A list comprised solely of works that I consider both masterpieces and personal favorites.
It’s a selection that formed over many years, a fifty-fifty deal between variety and sincere judgment.
My reasons (first the obvious ones, then the idiosyncratic):
Persona: pure cinema. I watched it once late at night and then again first thing in the morning, and it was like seeing another film because I felt I had grown substantially as a human in the meantime. | Andrei Rublev: among other things, it is the cinema’s most sublime epic masterpiece; there never was and never will be anything like it. | The Passion of Joan of Arc: Dreyer’s shattering magnum opus, the first truly great movie in history, refuses to be surpassed by anything that followed it in the next nine decades. Its greatness is independent of cultural, theoretical and historical contexts: it might be the most purely human film in existence. | Children of Paradise: Marcel Carne’s lush extravaganza, which has all the attributes of a grand epic, is an old-fashioned kind of fun that seems to be dust-proof, just like much of French literature written by long-dead authors. | Godfather: I guess nobody can be blamed for loving it more than a couple of other classics. It’s shamelessly good. | M: among the German master’s works that do not suffer from the ‘failed masterpiece’ syndrome, “M” counts as the most powerful and the most disturbing.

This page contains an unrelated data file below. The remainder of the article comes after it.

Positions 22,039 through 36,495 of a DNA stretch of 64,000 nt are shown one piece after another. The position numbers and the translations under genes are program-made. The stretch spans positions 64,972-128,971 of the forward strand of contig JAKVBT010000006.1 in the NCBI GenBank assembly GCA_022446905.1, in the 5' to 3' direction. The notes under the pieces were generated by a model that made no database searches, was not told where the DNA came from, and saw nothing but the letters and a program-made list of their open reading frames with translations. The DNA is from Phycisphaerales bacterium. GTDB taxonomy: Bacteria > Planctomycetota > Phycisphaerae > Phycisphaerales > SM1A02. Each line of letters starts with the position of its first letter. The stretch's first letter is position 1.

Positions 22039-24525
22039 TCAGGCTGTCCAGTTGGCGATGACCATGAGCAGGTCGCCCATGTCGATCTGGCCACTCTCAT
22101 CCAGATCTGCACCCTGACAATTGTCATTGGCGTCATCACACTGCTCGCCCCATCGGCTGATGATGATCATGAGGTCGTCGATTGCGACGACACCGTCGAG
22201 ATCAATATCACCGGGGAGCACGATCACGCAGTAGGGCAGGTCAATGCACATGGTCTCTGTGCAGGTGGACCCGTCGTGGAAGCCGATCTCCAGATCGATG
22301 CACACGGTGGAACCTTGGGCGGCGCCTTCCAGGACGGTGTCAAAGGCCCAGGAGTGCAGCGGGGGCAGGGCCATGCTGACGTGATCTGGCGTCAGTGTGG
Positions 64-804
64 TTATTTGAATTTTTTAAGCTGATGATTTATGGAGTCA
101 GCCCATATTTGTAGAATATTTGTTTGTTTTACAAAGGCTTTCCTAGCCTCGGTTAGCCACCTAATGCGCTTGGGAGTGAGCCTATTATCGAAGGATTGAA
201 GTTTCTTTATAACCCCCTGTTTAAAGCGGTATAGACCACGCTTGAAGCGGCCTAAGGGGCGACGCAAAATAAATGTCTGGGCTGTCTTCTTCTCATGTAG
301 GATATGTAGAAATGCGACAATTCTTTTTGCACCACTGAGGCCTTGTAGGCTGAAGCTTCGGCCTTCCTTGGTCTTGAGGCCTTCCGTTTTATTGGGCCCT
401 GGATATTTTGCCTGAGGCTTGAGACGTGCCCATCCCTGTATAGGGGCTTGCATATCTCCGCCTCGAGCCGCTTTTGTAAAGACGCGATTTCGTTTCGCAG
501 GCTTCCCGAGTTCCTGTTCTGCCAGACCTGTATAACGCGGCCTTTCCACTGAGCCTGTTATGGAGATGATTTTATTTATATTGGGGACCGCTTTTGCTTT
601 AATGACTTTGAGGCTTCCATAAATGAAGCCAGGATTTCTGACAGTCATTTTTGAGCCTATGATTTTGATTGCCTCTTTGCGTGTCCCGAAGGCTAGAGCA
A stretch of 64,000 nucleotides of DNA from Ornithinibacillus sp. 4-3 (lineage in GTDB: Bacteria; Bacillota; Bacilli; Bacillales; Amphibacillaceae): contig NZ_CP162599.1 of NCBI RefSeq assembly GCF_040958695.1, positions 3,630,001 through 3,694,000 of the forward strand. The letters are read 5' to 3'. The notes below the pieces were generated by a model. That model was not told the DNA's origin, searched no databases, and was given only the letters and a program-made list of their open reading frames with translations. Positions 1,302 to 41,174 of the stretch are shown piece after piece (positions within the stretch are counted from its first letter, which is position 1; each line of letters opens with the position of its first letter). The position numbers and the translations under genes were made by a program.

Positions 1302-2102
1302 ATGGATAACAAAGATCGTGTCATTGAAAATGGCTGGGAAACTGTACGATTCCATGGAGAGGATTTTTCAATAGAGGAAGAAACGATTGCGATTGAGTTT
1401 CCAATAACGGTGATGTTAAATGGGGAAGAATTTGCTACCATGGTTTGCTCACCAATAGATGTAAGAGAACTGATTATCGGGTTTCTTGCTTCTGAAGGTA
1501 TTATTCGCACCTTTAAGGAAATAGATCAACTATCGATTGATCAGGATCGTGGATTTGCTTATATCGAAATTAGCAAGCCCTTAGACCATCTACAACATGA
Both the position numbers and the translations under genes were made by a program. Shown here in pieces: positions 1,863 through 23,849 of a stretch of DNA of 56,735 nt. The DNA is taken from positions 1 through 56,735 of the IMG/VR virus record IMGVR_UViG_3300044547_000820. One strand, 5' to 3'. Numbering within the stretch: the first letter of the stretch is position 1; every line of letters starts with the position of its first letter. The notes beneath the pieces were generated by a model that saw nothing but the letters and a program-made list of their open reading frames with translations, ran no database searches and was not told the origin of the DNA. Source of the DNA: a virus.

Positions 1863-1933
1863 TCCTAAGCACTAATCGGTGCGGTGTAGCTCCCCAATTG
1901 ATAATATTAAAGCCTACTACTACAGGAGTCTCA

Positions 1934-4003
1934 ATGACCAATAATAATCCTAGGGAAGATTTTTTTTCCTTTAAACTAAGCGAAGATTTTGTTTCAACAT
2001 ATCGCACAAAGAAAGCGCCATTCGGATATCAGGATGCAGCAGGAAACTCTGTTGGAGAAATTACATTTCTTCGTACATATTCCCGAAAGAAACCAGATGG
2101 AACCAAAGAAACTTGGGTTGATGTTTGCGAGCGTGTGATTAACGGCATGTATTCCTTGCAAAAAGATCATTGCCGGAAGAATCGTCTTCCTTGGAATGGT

Amarcord: the first time I wanted to declare love to a movie director. | Ugetsu: no other film succeeded in transporting me so wholesomely into another realm, an act of magic even more wonderful if one considers the criminally poor viewing conditions I had no other choice but to embrace. | Eraserhead: the most unforgettable nightmare I’ve ever dreamed: the combined impact of all the things it did to me outgrows my vast appreciation of such classics as “Citizen Kane”, “The Third Man” or “The Seven Samurai”. | My Neighbor Totoro: Hayao Miyazaki is the most consistently brilliant director active today, hence picking just one of his films for this (or any other) list has to be, at least in part, just a way of expressing gratitude for his entire body of work. | The Saragossa Manuscript: the best Polish film, as well the best best non-Russian non-new wave film from the Eastern bloc. Of course, there’s a whole lot of other reasons why it should probably make it to anyone’s top 20, not only Martin Scorsese’s. | Alphaville: some movies listed here occupy a special place in my heart and some made my soul grow a bit. Godard’s frenetic film essay, which manages to be several other things as well, was above all a feast for my brain, the most memorable instance of a cinephiliac close-reading fun I’ve ever had.Read less